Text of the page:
Join Ze Frank for an in-depth discussion in this video Creating digital toys, part of Creative Inspirations: Ze Frank, Comedic Digital Savant.
(Music playing.) Over the years I have slowed down on the amount of stuff that I put out. The more recent things that I have done tend to be a little bit more aggressive. They are a little larger. They have tended towards the conceptual. But I do kind of return to these little tiny simple toys over and over again. In the beginning-- Not in the beginning, but when Flash 4 came out and Flash 5, there was a period of time where I was sort of trying to figure out new ways of testing out the potential for these new features that came out, and the live microphone really has always interested me.
So I tried a whole series of these. I really like this one. This one is called Meditation Flowers. Aaaaaaaa. (Hums into microphone.) I think it's a fun but kind of throwaway implementation. But I actually received a note from a school for kids that have a variety of disabilities in Australia, where kids that can't move any limb to participate in a lot of the tools, the art tools that are out there, are using this tool as a way to create art and things like that.
And that's incredibly inspiring for me and makes me want to go back in and try to think about all these implementations. Obviously there are people that are working on these kinds of problems, but for me and the work that I do, it's wonderful to have that kind of feedback. I will show you the Voice Drawing application. Ooooooooo. (Hums into microphone.) I actually kind of got okay at drawing with this thing.
So this is like a face that I drew with it. Quickly I found that a lot of the toys that were out there or the tools that were out there facilitated people who were good at drawing. But I wanted to make something that actually facilitated people who were bad at drawing, who didn't feel like they were creative people. So the Scribbler came out of that. The original version is still online. There is an iPhone app that's actually coming out that's a little bit more updated and there's actually a version of this where you can create animations as well.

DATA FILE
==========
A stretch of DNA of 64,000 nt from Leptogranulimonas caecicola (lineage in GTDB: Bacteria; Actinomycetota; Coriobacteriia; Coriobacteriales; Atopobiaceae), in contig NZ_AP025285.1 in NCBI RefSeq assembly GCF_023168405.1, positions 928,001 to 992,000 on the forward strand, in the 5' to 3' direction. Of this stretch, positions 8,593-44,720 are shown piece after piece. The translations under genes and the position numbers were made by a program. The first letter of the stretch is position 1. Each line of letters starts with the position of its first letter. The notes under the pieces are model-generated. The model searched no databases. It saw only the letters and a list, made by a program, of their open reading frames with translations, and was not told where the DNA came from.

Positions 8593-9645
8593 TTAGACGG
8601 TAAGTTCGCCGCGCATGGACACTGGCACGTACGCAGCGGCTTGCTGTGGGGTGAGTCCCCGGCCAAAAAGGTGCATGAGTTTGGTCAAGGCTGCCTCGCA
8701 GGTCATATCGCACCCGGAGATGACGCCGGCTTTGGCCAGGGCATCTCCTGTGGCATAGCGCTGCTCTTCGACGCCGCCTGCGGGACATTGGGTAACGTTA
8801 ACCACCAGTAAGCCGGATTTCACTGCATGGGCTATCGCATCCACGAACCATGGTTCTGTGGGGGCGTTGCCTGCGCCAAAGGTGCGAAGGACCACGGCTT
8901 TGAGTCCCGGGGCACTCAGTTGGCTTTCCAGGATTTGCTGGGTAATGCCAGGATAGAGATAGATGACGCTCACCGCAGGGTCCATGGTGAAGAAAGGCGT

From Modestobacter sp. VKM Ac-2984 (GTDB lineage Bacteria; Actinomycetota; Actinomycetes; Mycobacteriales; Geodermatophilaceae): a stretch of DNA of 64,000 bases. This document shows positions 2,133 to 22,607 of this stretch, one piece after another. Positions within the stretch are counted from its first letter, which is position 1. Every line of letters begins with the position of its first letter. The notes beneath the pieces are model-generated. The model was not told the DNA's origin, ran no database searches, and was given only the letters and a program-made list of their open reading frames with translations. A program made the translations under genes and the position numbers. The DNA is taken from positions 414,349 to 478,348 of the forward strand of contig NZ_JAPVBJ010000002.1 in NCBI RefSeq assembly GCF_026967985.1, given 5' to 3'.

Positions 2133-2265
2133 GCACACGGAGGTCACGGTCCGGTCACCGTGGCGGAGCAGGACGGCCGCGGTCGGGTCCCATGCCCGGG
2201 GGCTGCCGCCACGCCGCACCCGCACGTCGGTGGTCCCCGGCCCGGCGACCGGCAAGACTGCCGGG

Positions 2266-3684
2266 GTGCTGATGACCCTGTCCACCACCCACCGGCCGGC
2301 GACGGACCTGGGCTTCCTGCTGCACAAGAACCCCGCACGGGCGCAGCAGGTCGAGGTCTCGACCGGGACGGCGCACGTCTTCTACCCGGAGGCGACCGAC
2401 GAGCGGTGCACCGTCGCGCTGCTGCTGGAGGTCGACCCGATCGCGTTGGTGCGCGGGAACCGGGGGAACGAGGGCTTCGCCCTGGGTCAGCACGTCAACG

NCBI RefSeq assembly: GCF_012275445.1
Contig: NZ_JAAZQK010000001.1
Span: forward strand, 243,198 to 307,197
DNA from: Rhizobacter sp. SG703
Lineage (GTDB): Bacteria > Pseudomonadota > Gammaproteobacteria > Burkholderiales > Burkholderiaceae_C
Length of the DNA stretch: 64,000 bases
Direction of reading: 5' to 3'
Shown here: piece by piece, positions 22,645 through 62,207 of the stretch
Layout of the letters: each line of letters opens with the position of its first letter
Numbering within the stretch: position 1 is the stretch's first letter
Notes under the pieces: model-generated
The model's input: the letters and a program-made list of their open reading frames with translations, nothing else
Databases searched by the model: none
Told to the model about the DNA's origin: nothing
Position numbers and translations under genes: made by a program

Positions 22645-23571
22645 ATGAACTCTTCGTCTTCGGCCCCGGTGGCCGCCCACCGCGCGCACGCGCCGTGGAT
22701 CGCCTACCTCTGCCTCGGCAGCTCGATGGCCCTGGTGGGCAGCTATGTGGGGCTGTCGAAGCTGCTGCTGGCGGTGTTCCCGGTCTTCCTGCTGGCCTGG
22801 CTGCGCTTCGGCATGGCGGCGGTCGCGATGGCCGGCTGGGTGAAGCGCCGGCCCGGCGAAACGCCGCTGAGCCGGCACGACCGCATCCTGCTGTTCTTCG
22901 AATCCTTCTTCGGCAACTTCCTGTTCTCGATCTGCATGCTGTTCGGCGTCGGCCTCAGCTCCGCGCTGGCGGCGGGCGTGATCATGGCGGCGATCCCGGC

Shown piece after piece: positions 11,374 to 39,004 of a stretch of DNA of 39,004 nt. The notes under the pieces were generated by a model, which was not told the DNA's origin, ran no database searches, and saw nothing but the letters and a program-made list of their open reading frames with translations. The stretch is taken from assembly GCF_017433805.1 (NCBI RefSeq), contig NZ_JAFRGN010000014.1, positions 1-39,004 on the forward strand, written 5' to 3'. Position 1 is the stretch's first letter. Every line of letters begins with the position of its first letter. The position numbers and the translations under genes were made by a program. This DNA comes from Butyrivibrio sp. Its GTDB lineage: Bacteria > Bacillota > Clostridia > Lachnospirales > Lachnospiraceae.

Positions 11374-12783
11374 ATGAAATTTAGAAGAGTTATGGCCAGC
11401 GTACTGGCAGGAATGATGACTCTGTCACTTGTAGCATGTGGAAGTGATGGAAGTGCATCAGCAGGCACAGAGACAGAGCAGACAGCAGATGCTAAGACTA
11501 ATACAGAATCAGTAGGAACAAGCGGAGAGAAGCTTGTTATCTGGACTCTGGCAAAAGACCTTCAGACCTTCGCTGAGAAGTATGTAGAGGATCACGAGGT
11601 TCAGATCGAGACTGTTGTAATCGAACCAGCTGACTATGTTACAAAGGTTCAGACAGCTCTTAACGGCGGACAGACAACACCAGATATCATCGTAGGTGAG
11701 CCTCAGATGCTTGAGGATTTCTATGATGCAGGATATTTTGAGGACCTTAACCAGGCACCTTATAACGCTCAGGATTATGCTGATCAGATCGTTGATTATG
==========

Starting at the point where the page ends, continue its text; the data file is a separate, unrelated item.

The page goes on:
So you can take a kind of a crappy drawing and turn it into a little postwar etching in front of your eyes. And kind of pause it and change the settings. Make it more scribbly, transparent. There has actually been tens of thousands of images that have been submitted over time, and some of them are less successful than others. This was another one of the first things that I created. And this was just like getting-- I just became really super fascinated with like just the tactile experience of, can you make something super simple and fun? And this is actually, this bug toy, is really, really viscerally fun to kind of get all these limbs in there, and kids really love this toy.
And the thing is for me at the time, the math to figure out the appropriate angles for these joints was actually kind of a killer for me and took me a while to like figure it out, and that was sort of the fun challenge. And actually with a lot of the things on the site, there is a kind of hidden layer behind it, which is the reason that I got into these particular predicaments almost I would say.
For example, the Atheist game, I kind of had decided I think in like Flash 5 that I should really start programming games, because games were really coming online and it looked like maybe there was a revenue model for them. And I was like well, I should be able to program games. So I went in and I started building out this whole system, which was collision detection and it was kind of this fake 3D environment. I programmed then being able to go upstairs, and multiple levels.
And in the middle of it I was like, this sucks, I hate doing this! I hate making games that are this big and complicated, and I don't know. So I took the entire platform and I was like, what's the simplest game I can make out of this? So you can see here. You can actually customize this entire game, like with the controls and everything, and then you have go to play it, and you are just standing on a little platform in the middle of nowhere, and you can even say things and then you fall off and it's game over.
(Laughs.) I remember after I launched this game I got an email that came back and somebody said, "yeah, I played your Atheist game." "It's fun, but how do you win?"